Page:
The Obama administration for the first time made public the extent of the U.S.’s atomic weapons arsenal.
UNITED NATIONS — The Obama administration for the first time made public the extent of the U.S.’s atomic weapons arsenal, as the U.S. and Iran dueled for the international backing of their strategic agendas.
Secretary of State Hillary Clinton and Iranian President Mahmoud Ahmadinejad both addressed a special U.N. conference on the global nuclear nonproliferation regime Monday as Washington pushes for a new round of sanctions against Iran for its nuclear work.
Mrs. Clinton and Mr. Ahmadinejad sought to define the other nation’s nuclear capability as the principal threat to international stability. The Iranian president charged Washington with leading a skewed international system that seeks to deny peaceful nuclear power to developing nations while allowing allies such as Israel to stockpile atomic arms.
“The first atomic weapons were produced and used by the United States,” Mr. Ahmadinejad said in a 35-minute morning speech laced with religious imagery and idioms. “This seemed … to provide the United States and its allies with the upper hand. However, it became the main source of the development and spread of nuclear weapons.”
Mrs. Clinton followed in the afternoon by declaring, to the surprise of some delegates, that the U.S. was announcing the size of its nuclear arsenal, as well as the number of atomic weapons it has destroyed from its arsenal; the Pentagon announced the figures in a news conference on Monday.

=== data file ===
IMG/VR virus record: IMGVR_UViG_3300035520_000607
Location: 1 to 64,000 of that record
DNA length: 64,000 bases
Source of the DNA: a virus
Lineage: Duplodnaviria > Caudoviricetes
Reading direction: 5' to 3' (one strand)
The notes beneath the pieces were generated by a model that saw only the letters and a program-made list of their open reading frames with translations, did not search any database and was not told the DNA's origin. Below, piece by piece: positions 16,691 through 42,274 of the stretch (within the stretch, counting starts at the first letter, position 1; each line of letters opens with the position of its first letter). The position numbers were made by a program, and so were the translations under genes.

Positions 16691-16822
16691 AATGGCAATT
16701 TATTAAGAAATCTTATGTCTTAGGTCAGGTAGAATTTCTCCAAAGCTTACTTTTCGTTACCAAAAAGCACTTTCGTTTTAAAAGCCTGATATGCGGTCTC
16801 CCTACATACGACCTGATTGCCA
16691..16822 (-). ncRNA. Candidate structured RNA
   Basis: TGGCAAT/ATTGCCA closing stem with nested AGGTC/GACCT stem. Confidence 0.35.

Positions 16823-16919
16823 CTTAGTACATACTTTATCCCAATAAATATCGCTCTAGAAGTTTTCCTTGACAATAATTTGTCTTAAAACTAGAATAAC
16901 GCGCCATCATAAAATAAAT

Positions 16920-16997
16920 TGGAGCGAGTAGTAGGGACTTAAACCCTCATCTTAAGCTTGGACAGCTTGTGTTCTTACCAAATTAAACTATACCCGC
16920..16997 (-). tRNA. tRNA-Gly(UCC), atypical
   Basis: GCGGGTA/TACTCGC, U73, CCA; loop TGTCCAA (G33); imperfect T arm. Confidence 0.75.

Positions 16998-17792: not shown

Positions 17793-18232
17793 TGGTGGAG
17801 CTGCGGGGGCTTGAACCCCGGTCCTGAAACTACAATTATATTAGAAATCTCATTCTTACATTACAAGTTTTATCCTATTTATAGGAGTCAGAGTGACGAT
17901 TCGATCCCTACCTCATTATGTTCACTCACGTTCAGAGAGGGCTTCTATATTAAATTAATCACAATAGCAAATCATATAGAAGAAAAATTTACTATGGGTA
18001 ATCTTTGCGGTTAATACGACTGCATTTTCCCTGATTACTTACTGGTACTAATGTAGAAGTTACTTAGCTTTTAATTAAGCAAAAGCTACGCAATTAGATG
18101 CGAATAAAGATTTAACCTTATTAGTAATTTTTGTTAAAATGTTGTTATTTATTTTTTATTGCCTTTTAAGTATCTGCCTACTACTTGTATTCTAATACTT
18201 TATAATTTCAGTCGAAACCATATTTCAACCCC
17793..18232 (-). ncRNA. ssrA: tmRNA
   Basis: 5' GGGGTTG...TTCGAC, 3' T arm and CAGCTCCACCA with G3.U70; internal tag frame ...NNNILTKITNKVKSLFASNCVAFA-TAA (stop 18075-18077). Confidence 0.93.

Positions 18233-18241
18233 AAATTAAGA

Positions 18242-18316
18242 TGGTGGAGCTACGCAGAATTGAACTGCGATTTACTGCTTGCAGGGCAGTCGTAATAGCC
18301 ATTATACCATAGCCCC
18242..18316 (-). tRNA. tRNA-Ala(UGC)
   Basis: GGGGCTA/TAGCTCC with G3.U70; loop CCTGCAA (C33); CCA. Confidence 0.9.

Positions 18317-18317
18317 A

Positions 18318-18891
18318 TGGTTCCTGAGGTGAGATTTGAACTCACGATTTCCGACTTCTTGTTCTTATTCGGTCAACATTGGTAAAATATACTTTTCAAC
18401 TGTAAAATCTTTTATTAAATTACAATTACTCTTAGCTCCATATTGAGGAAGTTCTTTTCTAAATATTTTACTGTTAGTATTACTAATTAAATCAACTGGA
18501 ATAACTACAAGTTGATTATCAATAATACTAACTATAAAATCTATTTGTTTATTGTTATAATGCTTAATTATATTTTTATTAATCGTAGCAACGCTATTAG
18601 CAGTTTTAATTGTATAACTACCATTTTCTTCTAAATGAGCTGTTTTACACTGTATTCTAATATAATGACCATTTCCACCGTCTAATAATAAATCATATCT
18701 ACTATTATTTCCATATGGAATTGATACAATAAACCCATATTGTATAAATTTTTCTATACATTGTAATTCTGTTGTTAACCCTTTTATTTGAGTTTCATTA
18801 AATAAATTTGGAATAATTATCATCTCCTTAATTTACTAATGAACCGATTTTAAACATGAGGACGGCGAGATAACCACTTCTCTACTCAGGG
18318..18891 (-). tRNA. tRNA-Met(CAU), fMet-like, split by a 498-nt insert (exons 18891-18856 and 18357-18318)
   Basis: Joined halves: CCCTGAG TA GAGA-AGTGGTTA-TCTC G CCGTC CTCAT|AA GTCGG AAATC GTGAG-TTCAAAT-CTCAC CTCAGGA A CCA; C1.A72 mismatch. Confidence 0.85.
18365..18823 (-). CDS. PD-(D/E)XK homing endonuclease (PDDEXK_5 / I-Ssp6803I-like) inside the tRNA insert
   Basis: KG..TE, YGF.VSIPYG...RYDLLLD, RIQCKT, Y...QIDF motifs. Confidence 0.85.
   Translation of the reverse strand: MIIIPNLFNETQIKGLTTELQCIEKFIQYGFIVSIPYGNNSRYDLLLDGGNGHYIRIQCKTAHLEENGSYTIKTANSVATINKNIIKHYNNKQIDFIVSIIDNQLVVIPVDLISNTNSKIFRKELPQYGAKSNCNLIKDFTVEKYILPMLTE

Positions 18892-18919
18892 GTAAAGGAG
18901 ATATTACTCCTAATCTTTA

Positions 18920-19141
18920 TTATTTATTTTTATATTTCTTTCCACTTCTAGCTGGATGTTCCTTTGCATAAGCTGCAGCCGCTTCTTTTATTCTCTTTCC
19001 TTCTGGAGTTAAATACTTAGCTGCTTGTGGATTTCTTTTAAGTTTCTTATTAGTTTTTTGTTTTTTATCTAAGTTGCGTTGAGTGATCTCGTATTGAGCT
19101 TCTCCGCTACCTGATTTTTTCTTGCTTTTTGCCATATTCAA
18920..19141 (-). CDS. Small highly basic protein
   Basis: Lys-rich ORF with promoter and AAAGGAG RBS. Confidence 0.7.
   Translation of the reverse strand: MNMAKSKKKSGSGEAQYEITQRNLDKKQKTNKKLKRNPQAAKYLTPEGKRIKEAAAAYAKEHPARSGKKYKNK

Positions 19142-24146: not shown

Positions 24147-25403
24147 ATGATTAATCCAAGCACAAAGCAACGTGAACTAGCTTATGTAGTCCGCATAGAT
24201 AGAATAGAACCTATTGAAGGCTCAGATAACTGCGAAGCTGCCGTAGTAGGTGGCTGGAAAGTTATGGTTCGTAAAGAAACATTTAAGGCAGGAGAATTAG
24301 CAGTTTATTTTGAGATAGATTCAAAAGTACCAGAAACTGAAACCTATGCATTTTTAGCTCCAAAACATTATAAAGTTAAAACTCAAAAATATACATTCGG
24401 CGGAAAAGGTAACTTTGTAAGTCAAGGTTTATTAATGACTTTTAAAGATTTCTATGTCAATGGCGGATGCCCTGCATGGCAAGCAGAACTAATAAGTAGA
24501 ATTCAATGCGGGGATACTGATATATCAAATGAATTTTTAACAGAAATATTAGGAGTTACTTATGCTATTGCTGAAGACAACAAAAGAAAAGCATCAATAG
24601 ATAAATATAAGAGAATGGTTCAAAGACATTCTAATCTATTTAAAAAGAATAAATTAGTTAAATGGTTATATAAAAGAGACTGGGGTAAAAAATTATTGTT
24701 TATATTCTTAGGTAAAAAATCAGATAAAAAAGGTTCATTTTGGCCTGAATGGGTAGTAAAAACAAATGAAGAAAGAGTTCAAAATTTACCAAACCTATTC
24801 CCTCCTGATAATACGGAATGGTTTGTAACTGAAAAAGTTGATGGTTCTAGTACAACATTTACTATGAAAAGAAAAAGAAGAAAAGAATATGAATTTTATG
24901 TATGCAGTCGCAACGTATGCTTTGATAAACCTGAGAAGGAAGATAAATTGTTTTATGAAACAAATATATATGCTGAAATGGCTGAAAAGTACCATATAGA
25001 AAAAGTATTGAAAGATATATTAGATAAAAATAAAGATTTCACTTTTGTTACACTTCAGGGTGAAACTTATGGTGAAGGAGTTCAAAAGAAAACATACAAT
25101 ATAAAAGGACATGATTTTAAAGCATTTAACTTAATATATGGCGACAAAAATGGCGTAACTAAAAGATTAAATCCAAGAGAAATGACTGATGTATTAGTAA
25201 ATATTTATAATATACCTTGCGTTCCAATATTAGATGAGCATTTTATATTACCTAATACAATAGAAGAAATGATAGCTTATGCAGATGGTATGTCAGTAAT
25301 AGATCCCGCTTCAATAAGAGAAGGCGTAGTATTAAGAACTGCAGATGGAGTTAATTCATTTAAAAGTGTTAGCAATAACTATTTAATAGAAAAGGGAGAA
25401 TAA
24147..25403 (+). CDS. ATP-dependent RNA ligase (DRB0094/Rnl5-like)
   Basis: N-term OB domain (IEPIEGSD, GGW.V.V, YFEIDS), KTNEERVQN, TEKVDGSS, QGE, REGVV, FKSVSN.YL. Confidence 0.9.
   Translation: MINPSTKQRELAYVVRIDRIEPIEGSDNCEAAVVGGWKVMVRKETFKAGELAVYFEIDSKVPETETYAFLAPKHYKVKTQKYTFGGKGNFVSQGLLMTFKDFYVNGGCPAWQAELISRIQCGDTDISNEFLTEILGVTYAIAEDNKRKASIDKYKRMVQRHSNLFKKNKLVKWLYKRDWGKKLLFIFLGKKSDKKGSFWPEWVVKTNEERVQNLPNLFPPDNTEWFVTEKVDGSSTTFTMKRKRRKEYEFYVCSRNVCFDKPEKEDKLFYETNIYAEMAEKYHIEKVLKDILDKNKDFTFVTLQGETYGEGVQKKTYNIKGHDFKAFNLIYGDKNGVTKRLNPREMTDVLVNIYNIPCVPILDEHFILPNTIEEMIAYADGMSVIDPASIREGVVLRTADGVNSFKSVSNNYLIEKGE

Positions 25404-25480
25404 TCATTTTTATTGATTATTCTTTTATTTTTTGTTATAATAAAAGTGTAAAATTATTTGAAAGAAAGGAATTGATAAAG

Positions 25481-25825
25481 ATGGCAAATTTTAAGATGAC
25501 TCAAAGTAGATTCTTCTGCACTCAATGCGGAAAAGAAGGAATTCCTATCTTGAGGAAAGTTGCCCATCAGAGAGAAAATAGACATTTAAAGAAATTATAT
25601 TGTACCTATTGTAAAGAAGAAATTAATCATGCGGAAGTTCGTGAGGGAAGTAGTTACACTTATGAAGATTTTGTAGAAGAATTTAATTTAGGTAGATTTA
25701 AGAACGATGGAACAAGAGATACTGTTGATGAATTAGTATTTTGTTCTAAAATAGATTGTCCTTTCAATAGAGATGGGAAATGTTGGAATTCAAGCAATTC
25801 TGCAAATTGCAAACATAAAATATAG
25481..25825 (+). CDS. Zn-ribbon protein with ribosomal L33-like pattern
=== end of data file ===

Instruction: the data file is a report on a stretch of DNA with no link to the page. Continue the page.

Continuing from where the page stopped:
U.S. officials have been working for almost a year to undercut Tehran’s charges about Washington’s nuclear threat by bringing both transparency to the U.S. program as well as by reducing its numbers. In April, the U.S. and Russia signed a Strategic Arms Reduction Treaty that lowers the numbers of deployed American and Russian nuclear weapons to their lowest levels since the 1950s. The U.S. also hosted a nuclear security conference in Washington last month.
“So for those who doubt that the U.S. will do its part on disarmament: This is our record—these are our commitments—and they send a clear signal.” Mrs. Clinton told the conference.
The Pentagon said the U.S. had a total of 5,113 nuclear warheads in its stockpile as of Sept. 30, plus a few thousand more that had been retired but still needed to be dismantled. Between fiscal years 1994 and 2009, the U.S. dismanted 8,748 nuclear warheads. At its peak at the end of fiscal year 1967, the U.S. had 31,255 warheads, the Pentagon said.
It was the first time the U.S. has disclosed those figures, which had been previously regarded as highly classified. A senior defense official said at a Pentagon briefing that the stockpile had been reduced by 75% since 1989 and roughly 84% since 1967.
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Source: The Wall Street Journal
Photo: United Nations